Category Archives: Writing

Life in the fourth estate, dealing with publishers, opinions, and how self-publishing and user-generated content changes the world. And why bloggers are real people, too.

Last Nerd Chapter

Last week I did something I swore I’d never do, for reasons I never would have guessed, and yet I feel good about the decision: I broke an author contract. Earlier this year I signed a contract to update Professional WordPress: Design and Developmentfor a third edition, covering the major WordPress 4.0 update. I came into the project with good intentions: some new ways to convey the power of the WordPress platform, pages of good ideas from my co-authors Brad Williams and David Damstra, and a schedule that mostly consumed the summer months. A short run into the project, though, it became clear that I wasn’t going to be able to keep my end of the writing and editing schedule, and continuing to make excuses was only putting Brad, David and the Wiley editorial team at risk for missing a short window with the production schedule.

Fortunately, the WordPress community is full of smart people who know how to write, and I’ve had the pleasure of working with Lisa Sabin-Wilson professionally and at WordCamps. She graciously agreed to come up to speed, join her co-worker Brad in editing the book, and picked up my end of the deal. Thanks, Lisa.

What went wrong? First of all, I am much busier with my day job than I anticipated. Writing requires concentration and a regular schedule; when I was working from home 75% of the time it was easy to carve out mornings and early evenings for writing; my daily commute eats that time. Second, or maybe a better first, I should have had an editorial calendar of my own coming in – things I wanted to see in the book, a list of edits and points to be covered, emphasized and explained, so that I felt I would have put my imprint on the printed product. But I’ve let my interest in the topic slide, so this become less a labor of love and more just one more project that needed attention. I think that’s the final disconnect: If you don’t love your material, it doesn’t flow and firing up the editor is suddenly work and not transcribing something more playful in its perceived value. You have to write because you love writing. It’s why I blog. It’s why I started playing with WordPress.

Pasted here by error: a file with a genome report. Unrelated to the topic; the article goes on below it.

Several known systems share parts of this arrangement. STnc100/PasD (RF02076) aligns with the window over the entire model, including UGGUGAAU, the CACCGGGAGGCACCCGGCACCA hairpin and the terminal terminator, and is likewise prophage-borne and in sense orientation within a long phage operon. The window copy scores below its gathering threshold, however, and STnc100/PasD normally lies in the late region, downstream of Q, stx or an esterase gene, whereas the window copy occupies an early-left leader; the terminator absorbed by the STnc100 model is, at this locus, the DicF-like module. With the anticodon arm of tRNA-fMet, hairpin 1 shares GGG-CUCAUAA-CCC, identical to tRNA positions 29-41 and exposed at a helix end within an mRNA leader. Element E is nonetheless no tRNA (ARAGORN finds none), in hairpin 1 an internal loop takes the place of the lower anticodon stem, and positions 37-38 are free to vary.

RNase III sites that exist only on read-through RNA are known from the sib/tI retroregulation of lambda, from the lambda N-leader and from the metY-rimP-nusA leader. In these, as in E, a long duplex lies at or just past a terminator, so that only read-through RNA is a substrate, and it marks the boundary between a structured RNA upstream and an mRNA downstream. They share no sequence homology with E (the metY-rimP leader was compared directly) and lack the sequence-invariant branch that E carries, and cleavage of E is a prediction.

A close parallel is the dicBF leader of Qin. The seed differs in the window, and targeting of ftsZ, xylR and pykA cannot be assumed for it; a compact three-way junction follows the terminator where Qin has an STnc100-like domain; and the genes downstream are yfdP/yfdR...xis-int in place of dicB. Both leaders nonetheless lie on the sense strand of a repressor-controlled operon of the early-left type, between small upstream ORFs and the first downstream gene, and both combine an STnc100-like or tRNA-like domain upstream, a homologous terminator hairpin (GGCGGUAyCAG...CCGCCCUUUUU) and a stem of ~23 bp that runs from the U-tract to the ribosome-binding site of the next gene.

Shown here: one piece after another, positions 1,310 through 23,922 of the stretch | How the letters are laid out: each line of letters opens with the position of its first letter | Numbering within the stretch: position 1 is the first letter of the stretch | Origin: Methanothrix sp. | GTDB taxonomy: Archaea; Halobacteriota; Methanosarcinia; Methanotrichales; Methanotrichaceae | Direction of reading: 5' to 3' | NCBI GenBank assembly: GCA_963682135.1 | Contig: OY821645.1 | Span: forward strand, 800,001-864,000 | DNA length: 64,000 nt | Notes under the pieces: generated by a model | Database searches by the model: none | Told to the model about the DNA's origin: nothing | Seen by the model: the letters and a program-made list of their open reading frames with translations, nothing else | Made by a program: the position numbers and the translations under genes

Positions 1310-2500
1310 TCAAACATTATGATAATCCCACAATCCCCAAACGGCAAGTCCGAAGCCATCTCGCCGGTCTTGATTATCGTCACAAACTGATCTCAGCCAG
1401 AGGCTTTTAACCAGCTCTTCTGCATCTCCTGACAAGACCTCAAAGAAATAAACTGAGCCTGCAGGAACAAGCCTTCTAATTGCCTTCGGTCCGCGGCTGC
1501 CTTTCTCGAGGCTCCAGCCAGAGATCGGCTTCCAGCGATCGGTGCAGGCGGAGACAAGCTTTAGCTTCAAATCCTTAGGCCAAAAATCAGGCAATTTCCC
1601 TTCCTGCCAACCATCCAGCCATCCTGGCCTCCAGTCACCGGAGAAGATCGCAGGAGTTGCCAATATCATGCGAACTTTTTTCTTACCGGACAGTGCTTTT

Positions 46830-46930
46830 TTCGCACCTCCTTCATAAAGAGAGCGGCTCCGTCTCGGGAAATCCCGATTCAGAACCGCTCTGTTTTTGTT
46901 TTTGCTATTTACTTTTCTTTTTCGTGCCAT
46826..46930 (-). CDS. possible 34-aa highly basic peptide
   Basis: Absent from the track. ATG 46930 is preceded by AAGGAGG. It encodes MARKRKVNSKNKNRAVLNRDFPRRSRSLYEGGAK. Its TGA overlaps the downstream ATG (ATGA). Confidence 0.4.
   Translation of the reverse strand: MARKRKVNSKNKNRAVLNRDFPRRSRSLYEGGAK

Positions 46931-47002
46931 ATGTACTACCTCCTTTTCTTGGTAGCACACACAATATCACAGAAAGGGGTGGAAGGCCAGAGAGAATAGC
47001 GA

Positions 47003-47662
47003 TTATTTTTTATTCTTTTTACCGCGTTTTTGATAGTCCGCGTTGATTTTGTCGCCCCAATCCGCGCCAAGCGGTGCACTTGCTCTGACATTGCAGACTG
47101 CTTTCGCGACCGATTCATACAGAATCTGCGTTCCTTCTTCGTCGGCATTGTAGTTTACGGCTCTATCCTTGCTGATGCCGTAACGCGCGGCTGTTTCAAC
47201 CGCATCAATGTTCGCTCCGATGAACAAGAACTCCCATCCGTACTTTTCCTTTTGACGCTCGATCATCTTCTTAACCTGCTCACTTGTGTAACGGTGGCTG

I let my co-authors down, which was never my intention, and I will remove my name as an author from the book, which hurts a bit as this WordPress book was the first of its kind and perhaps the book of which I am the most proud. But under-performing risked the quality of the finished product, and would be more injurious to everyone involved, including my own ego.

I’ve effectively written my last nerdy chapter, ending a run that started almost exactly twenty-five years ago, when writing about computer networking was a highly specialized and extra-nerdy endeavor. Three books, five co-authors, three editors, and three imprints later, I will readily admit that writing technical books was a huge impact on my career: it taught me to develop a story, to research the facts and underlying explanations (best career advice bit #4 from Sun Microsystems employee Neal Nuckolls: “Understand how the lower levels work before you work on the ones above”), and in some ways influenced my leadership and communication style. Most of that comes from a lunch I had with Tim O’Reilly in 1990, before he moved O’Reilly & Associates west, where he told me that a good technical book had to feel like you were learning by watching an expert play a complex game.

Mathematics Student, Summer 1979

Mathematics Student, Summer 1979 – Kazuko Suzuki and I have been friends for 33 years, and Christine Burnley and I worked together at Sun Microsystems. You never know where publishing leads.

I’m not calling the end to my book-writing endeavors just yet. Despite never having published anything outside of the math and engineering space (first publication: a puzzle solution in “The Mathematics Student” in the summer of 1979, in a newsletter that only had 20 issues), I think it’s time to dust off the hockey book (at least four people have asked about it in the last three months, including the main character), I’m going to spend a fair bit of time re-learning signal processing and elementary electronics so I can get to work on a few guitar pedal ideas (and tend to the growing pile of “simple fix” projects in my office). I started outlining a book about parenthood but I’m not sure I’m an authority or even understand how the lower layers work (OK, to be fair, I understand those lower layers from high school health class but the actual parenting part is an ongoing experiment). I may finally, with authority and passion, just listen to a lot of music and write about it for J. David and the Star Maker Machine, as I’ve been promising since the 2nd edition of “Professional WordPress” went to print.